And if it means taking a path less traveled by, then do it. It could be what life has been trying to tell you to do all along.



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This post originally appeared on LIFEHACK as ’8 Signs you’re not Following your True Path.’

CB Valencia croppedCOLIN FALCONER

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Undress you, and come now to bed

468px-ShakespeareI am currently writing a series about Shakespeare. He drove me crazy at school, so there’s a certain irony to this.

Back then, when I was in my green blazer, it was like someone in 2414 studying the history of hip hop. Yeah, so Jay-Z and someone shot some do-nothing called Tupac.

So where’s the relevance to my life?

Generations of schoolkids hate him, but once Shakespeare was cool. A little known fact: he added around 1500 words and phrases to the English language.

As the average vocabulary has been estimated at around 50,000 words, to have one man, now long dead, accounting for 3% of every word you currently know and understand – well, that’s not bad.

ShakespeareMonument_croppedIt seems that when he was stuck for a word, Will didn’t reach for the thesaurus – there wasn’t one – so he made up his own.

It was like rap, without all the motherfucking swearing. Back in the day, it was so cool to quote Shakespeare that the words slipped into the language as easy as phat, jiggy, bling and twerking

But instead of coming from different sources they came from just one man.

It was like Tarantino alone being responsible for mankini, muffin top, OMG, woot and sexting.

Shakespeare pioneered the art of adding prefixes to common words to make completely new ones: archvillain (Timon of Athens),  dishearten (King Henry V), and uncomfortable (Romeo and Juliet), along with inaudible, indistinguishable, and inauspicious.

He was also first with this: “Madam, undress you and come now to bed.” – The Taming of the Shrew

Now there’s a prefix no guy should be without.

Or he’d add a suffix: men had only been courting women for twenty years before The Merchant of Venice when Shakespeare gave it a name – courtship.

376px-Title_page_William_Shakespeare's_First_Folio_1623He made new adjectives like ‘gloomy’ (Titus Andronicus) from the verb ‘to gloom.’ We don’t gloom anymore but Shakespeare’s word has survived.

Or there’s ‘laughable’  (The Merchant of Venice) from the verb ‘to laugh’;  ‘majestic’  (The Tempest) from ‘majesty’ and ‘lonely’ (Coriolanus) – until Shakespeare people had only ever been alone.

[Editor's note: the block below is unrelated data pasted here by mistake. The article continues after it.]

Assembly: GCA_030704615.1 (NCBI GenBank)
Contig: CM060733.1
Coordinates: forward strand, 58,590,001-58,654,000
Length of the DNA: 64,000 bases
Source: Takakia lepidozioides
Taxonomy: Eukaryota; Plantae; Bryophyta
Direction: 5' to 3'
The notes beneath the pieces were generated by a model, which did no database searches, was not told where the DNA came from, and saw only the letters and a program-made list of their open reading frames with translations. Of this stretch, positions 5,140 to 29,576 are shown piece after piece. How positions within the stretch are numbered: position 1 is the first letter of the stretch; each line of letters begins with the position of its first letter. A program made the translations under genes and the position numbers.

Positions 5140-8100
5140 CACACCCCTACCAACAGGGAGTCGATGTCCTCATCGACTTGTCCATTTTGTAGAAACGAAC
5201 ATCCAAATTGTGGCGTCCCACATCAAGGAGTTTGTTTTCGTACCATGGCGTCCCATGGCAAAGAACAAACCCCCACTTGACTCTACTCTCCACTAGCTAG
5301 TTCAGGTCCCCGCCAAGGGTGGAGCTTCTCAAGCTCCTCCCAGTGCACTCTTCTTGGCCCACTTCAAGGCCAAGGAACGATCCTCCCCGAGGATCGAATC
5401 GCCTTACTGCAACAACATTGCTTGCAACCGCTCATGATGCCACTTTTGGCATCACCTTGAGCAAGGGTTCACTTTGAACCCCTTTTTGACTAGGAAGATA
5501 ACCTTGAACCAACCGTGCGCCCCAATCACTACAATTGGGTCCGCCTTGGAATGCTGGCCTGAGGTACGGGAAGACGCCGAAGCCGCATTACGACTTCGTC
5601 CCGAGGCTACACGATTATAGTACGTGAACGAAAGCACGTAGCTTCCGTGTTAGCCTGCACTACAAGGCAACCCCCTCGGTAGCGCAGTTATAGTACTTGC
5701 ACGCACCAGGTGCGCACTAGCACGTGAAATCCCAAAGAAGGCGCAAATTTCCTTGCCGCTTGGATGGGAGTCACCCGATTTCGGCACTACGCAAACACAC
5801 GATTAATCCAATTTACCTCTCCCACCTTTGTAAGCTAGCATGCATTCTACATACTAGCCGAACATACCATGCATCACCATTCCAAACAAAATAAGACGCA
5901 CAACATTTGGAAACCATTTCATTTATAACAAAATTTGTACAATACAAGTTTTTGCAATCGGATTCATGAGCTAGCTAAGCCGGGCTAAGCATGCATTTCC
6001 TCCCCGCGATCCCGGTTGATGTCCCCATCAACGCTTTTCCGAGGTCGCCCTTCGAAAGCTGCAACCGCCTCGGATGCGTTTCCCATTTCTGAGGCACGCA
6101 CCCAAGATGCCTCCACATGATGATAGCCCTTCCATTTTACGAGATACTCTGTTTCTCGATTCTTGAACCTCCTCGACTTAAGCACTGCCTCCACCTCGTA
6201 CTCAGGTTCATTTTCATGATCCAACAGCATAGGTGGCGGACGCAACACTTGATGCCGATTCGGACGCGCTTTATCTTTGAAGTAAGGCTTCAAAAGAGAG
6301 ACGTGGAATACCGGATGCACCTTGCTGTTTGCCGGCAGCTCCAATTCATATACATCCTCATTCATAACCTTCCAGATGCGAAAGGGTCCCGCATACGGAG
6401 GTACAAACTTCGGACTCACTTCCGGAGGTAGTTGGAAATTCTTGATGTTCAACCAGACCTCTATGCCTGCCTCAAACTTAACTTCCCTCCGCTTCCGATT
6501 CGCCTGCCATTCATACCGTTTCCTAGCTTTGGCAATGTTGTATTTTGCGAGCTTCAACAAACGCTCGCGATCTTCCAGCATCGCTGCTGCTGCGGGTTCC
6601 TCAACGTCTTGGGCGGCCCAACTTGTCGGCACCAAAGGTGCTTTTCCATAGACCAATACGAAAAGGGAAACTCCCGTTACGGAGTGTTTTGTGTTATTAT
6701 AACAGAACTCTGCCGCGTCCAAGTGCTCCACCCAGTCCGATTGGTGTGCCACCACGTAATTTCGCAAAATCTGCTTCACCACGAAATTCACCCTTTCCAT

Shakespeare had Latin beaten into him at school, and he used his hard won knowledge to make new words like ‘radiance’, (from radiantem meaning ‘beaming’ – King Lear);  ‘generous’ (from generosus meaning ‘of noble birth’ – first used in Hamlet); frugal (from frugi meaning ‘worthy, honest’ in Much Ado About Nothing) and ‘critical’ (from the Latin ‘criticus’ which referred to a literary critic – in Othello.)

He also plundered Dutch to create the word ‘rant’ (from the Dutch ‘randten’ meaning ‘to talk foolishly’) – ‘I’ll rant as well as thou,’ in Hamlet.

And he used his knowledge of Italian to invent the word ‘zany’ ( from the Italian ‘zani’ which came from ‘Zanni,’ a version of the name Giovanni).

‘Some carry-tale, some please-man, some slight zany’ – Love’s Labour’s Lost

483px-Macbeth_consulting_the_Vision_of_the_Armed_HeadHis unsurpassed powers of imagery gave us ‘hot-blooded’, (King Lear) and cold-blooded, (King John)  as well as ‘barefaced,’ ‘baseless’ and ‘watchdog’.

And none of us hopeless romantics could wear ‘our hearts on our sleeves’ until Iago articulated it in Othello in 1604.

Some other words you might not know originated with Shakespeare:












It’s an extraordinary contribution; but no, contrary to popular belief, he didn’t invent the word: to google.

That was Francis Bacon.

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Opium, James Clavell, The Godfather

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This month CoolGus released THE YEAR WE SEIZED THE DAY here in the US and last week it got into the top 100 on Amazon.

It’s a book I co-authored with my great friend, Elizabeth Best, about our journey along the Camino in Spain. It’s my only non fiction book. The Sydney Morning Herald in Australia called it “… a remarkable, painful, illuminating and inspiring book …”

We like to think so.

Here’s an excerpt:

Day 27, Pereje to Alto do Poío

Getting the hell out of Purgatory

SeizeTheDay(5)I don’t want to do this anymore. I could have happily quit on the second day. This journey has not been what I had anticipated. But I made a promise to El, and for reasons of her own, my presence seems to be important to her. We’re the Two Musketeers, all for one and one for both. The one thing that I am sure of is my physical endurance; I can do this now that my feet are healing. If not for anything else but for Eli.

My tenderness for her grows; this long, complicated, blistered, feisty bugger of a woman. I want her to go all the way and I want to be there to see that she does. It has stunned and amazed me that we still have a relationship after my behavior these last few weeks, my outburst in León.